Renata Siegenthaler at the 2012 Independence Awards Ceremony at the Windsor Park
Renata Siegenthaler at the 2012 Independence Awards Ceremony at the Windsor Park

A twenty-one-year legacy of helping Dominica's children has come to an end. But its founder, who has made the Nature Island her home, is content to enjoy the rest of her days here.

Renata Siegenthaler, from Switzerland, first visited Dominica in 1980 and the country made a lasting impression on her.

"First, the nature, of course, and then the people," she told The Sun.

From 1980 until her retirement, Renata visited Dominica annually for vacation falling more in love with the country and its people. It is, therefore, no surprise that upon her retirement in 2000, she packed her things and headed to Dominica.

"I decided soon as I get my pension, from Switzerland I am living here and that is what I did," she proudly stated.

Siegenthaler is very happy with her choice to call Dominica home.

"In Switzerland, you are a bit closed up and it is more strict. Here, life is much easier. Also, I like calypso, I have not missed a show since 1980. I like dancing and I like life," she said. Her love for the country and its people, coupled with a financial donation from a friend, led Renata to form a not-for-profit, non-governmental organization, called Kids In Dominica (KID) Switzerland.

"When I decided to come here a friend gave me money and said 'I know you would like to do something in Dominica', so I was obliged to do something," she said.

KID Switzerland started with a school bus for children who had transportation troubles in the St. Joseph area.

"I did not have enough money to buy a bus. So, one day I asked a bus driver if he would pick up the children in the morning and drop them back in the afternoon, and run his regular St. Joseph to Roseau route in between. He said yes and the school bus started," Siegenthaler said.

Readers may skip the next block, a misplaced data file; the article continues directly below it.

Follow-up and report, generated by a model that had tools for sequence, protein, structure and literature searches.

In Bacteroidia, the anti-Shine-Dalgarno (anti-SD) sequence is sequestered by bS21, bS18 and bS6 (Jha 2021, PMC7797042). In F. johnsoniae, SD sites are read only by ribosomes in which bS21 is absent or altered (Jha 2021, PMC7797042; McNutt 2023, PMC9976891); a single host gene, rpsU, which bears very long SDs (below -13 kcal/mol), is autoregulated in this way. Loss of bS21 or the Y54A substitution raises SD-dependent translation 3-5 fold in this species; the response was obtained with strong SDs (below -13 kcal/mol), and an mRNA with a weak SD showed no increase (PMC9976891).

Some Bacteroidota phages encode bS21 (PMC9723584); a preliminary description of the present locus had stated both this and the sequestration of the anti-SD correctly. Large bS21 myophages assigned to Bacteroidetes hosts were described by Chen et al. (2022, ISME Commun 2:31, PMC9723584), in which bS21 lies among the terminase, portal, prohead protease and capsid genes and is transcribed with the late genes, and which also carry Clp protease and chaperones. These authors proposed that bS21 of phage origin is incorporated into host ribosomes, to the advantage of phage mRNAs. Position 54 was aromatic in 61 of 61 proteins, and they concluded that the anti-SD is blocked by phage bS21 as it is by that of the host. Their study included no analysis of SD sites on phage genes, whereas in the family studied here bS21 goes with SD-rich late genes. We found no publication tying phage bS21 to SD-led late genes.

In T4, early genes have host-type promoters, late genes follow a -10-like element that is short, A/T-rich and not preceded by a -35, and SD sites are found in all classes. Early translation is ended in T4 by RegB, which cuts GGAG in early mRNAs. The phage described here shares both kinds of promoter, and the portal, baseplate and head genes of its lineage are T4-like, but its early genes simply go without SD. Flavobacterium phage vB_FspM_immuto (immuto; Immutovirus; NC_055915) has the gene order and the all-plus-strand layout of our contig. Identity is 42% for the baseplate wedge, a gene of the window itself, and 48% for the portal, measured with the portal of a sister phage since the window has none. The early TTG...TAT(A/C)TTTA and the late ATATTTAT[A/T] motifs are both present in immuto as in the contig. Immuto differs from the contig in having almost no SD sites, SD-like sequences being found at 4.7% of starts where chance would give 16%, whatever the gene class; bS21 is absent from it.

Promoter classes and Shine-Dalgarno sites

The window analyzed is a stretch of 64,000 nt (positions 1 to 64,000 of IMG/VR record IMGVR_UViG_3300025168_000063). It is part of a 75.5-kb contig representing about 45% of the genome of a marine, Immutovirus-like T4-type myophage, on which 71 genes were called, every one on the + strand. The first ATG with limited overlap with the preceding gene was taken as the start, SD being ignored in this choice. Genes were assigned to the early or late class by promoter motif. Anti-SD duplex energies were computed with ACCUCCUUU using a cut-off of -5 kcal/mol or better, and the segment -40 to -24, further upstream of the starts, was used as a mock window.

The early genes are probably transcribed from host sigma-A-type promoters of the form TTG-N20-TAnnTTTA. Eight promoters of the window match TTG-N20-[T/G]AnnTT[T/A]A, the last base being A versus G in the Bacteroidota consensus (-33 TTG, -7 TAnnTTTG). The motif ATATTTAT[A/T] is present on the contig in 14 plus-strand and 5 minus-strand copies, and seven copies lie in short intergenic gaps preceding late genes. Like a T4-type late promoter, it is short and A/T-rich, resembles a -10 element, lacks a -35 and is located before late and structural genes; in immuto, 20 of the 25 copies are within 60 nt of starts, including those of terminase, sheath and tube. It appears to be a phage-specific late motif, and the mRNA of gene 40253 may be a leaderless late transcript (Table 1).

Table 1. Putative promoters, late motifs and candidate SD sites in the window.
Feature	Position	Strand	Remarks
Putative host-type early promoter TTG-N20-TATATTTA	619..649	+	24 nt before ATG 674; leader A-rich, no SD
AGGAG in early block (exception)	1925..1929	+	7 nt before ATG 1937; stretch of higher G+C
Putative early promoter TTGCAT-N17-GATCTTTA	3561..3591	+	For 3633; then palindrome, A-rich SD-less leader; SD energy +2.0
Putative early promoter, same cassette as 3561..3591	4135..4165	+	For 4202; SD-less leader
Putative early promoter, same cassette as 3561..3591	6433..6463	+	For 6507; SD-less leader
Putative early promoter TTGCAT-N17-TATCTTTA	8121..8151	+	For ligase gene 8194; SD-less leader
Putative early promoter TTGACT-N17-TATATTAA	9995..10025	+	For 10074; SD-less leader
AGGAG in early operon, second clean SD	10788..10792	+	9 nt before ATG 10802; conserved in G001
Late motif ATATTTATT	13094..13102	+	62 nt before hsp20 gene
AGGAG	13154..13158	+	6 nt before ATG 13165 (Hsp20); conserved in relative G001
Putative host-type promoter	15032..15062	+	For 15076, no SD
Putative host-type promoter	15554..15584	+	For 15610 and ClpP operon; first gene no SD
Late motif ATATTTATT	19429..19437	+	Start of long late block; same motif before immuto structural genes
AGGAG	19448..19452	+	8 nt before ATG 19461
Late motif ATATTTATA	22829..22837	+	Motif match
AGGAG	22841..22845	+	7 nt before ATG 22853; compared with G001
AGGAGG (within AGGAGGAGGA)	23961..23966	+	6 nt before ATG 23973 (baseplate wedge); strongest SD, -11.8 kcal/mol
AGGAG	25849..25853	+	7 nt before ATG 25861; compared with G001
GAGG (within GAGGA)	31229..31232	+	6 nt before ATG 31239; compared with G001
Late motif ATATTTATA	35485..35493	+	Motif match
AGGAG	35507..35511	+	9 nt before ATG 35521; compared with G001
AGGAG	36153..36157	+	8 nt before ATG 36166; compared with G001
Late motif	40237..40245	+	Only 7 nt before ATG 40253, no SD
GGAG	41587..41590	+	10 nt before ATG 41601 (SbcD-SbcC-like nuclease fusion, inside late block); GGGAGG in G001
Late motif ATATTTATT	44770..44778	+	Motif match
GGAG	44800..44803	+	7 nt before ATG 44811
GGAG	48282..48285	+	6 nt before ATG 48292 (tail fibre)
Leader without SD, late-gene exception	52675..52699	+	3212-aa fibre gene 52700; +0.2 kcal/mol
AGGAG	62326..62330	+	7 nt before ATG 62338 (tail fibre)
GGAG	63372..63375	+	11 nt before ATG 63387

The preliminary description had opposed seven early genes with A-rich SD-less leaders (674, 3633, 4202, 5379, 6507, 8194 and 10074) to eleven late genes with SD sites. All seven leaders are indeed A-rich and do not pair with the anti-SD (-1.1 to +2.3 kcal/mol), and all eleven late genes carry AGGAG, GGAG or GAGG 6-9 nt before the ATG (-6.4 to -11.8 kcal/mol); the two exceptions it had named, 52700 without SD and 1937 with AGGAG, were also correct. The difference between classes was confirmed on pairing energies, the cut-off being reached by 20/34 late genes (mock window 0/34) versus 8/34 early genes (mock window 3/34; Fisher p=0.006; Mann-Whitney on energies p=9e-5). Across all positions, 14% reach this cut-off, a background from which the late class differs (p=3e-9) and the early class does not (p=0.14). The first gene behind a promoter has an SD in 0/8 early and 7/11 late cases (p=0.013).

The school bus programme branched out to address other areas of need for the youth.

"Then I saw, at lunchtime, some children had nothing to eat. Some had no breakfast sometimes. So, I opened the first school feeding programme in St. Joseph," Siegenthaler said.

KID Switzerland has helped children all around the country by establishing a school bus system in Layou Valley, Belles, and the Kalinago Territory; initiating school kitchens in San Sauveur Primary, D'os Dane Primary, and the Grammar School (to name a few).

This NGO has also assisted in obtaining appliances for other school kitchens and played an active role in funding local athletic meets, leagues, and games, and helped athletes travel to events. The list of deeds is lengthy as the not-for-profit organization was engaged in a number of cultural, social, and skill development projects around Dominica.

In 21 years, KID Switzerland raised over 1 million EC dollars with Renata traveling to Switzerland each year to raise funds.

"It started with friends. Then I had a lot of people who knew me from my political career. They saw I was doing something good so they gave me money. In the end, I had more than two hundred sponsors," she said.

Now that the programme is being dissolved, Renata will miss specific aspects of KID Switzerland.

"Firstly, I can't see my family anymore, they have to come to see me because traveling has gotten more difficult. Then I miss the contact with the principals and teachers. We developed a good relationship through the school feeding programe."

Still, in love with the country, Renata has seen many changes during her years here.

"The nature changed on the west coast, there is a lot of garbage and it is getting dirtier. The people have also changed. Before, they were friendlier and, in the village, there were a lot of people and music and sometimes dancing in the street. Now, you see nobody," Siegenthaler said.

This 84-year-old Dominican citizen, who received a Meritorious Service Award in 2012, is content with enjoying life and living out the rest of her days, stress-free and problem free, in the Nature Isle.

-By Andrea Louis